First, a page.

OPEC does not need to boost oil output at its meeting in February as the market is well supplied, Qatar's Oil Minister said on Wednesday after U.S. President George W. Bush called for the group to pump more.
"I don't think the market needs more oil," the minister, Abdullah al-Attiyah, told Reuters when asked if the Organization of the Petroleum Exporting Countries should increase supplies at the Feb. 1 meeting in Vienna.
"If the market needs more oil, then OPEC can supply it. But that is a big if. Does the market need more oil? No, I don't think so. We can't put more oil on the market if nobody will buy it."
Bush said earlier that he hoped OPEC would be encouraged to boost output after he held talks with King Abdullah of Saudi Arabia on a trip to the Middle East.
The recent drop in oil prices due to concerns about the U.S. economy showed that the market was well supplied, Attiyah said.
"The price has fallen from $100 to around $90 (a barrel)," Attiyah said. "That's an indication from the market that there is no shortage of supply. The speculators are taking a rest... because of concerns about a U.S. recession."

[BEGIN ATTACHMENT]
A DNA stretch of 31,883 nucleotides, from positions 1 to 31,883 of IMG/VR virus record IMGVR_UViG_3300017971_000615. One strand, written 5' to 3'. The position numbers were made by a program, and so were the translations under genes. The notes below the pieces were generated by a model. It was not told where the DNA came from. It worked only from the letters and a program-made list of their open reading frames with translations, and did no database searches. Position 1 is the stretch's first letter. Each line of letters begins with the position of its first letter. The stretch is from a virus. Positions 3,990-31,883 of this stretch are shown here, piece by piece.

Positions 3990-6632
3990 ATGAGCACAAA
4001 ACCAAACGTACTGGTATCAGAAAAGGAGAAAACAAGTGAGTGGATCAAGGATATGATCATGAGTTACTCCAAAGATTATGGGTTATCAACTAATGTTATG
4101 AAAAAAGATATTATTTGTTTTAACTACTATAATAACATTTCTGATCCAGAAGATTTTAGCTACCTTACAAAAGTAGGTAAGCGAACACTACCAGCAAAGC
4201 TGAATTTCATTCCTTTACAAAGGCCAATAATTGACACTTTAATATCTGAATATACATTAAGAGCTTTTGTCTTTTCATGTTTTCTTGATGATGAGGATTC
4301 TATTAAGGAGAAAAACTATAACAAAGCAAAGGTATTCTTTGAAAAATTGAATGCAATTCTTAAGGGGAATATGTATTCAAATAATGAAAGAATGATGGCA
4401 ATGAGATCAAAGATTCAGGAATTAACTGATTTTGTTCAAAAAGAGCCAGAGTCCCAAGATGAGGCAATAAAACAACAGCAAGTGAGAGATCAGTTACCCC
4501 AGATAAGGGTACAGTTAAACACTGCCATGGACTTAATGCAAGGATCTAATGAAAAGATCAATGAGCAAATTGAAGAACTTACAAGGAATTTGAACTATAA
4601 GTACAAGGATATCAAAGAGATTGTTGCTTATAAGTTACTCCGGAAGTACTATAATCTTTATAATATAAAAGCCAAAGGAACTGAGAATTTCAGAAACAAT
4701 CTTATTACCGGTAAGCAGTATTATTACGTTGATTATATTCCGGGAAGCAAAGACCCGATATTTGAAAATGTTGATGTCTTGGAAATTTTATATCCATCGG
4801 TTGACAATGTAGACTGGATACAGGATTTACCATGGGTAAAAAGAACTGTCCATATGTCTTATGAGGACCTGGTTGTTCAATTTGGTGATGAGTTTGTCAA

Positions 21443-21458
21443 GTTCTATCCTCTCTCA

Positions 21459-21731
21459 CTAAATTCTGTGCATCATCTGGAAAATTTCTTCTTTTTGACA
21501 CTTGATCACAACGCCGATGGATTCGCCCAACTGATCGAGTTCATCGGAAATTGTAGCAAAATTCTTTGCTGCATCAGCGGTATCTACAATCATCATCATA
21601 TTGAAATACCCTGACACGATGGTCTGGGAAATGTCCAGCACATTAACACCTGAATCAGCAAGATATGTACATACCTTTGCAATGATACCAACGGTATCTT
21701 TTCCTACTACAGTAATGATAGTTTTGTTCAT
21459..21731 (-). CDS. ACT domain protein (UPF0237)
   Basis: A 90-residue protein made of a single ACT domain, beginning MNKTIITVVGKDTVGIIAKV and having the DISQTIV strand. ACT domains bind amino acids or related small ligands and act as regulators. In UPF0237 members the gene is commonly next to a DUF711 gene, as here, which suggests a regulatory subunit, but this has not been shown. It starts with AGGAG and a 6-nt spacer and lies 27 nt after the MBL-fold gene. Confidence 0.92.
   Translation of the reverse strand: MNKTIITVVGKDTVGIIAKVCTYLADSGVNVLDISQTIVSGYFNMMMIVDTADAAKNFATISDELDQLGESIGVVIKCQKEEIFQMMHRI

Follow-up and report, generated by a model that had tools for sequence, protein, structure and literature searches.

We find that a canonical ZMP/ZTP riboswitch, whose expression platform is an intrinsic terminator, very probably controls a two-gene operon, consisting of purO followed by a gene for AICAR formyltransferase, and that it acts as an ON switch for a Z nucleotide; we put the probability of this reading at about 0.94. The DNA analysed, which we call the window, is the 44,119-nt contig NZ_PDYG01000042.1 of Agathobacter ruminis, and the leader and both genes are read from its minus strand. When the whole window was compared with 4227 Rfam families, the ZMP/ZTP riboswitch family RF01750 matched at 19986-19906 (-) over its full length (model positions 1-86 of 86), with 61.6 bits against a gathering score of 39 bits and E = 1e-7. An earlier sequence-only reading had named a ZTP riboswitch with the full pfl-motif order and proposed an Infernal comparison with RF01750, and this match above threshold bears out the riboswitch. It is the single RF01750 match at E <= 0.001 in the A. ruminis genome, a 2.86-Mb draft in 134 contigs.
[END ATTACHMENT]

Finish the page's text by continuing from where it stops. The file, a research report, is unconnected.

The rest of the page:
OPEC needed to be cautious ahead of the seasonal fall in consumption in the second quarter and because of the possible effect on oil demand of a slowdown in the world's largest energy consumer the United States, he added.
"We have to move carefully," he said. "We are facing two problems. We are moving towards the second quarter when we see a drop in consumption. And also there is the question of whether the U.S. is really entering a recession. That would slow demand."
Low crude inventories were due to the high price of oil which had made buyers reluctant to build stocks, Attiyah said. Qatar is one of OPEC's smallest producers, with output of around 800,000 barrels per day.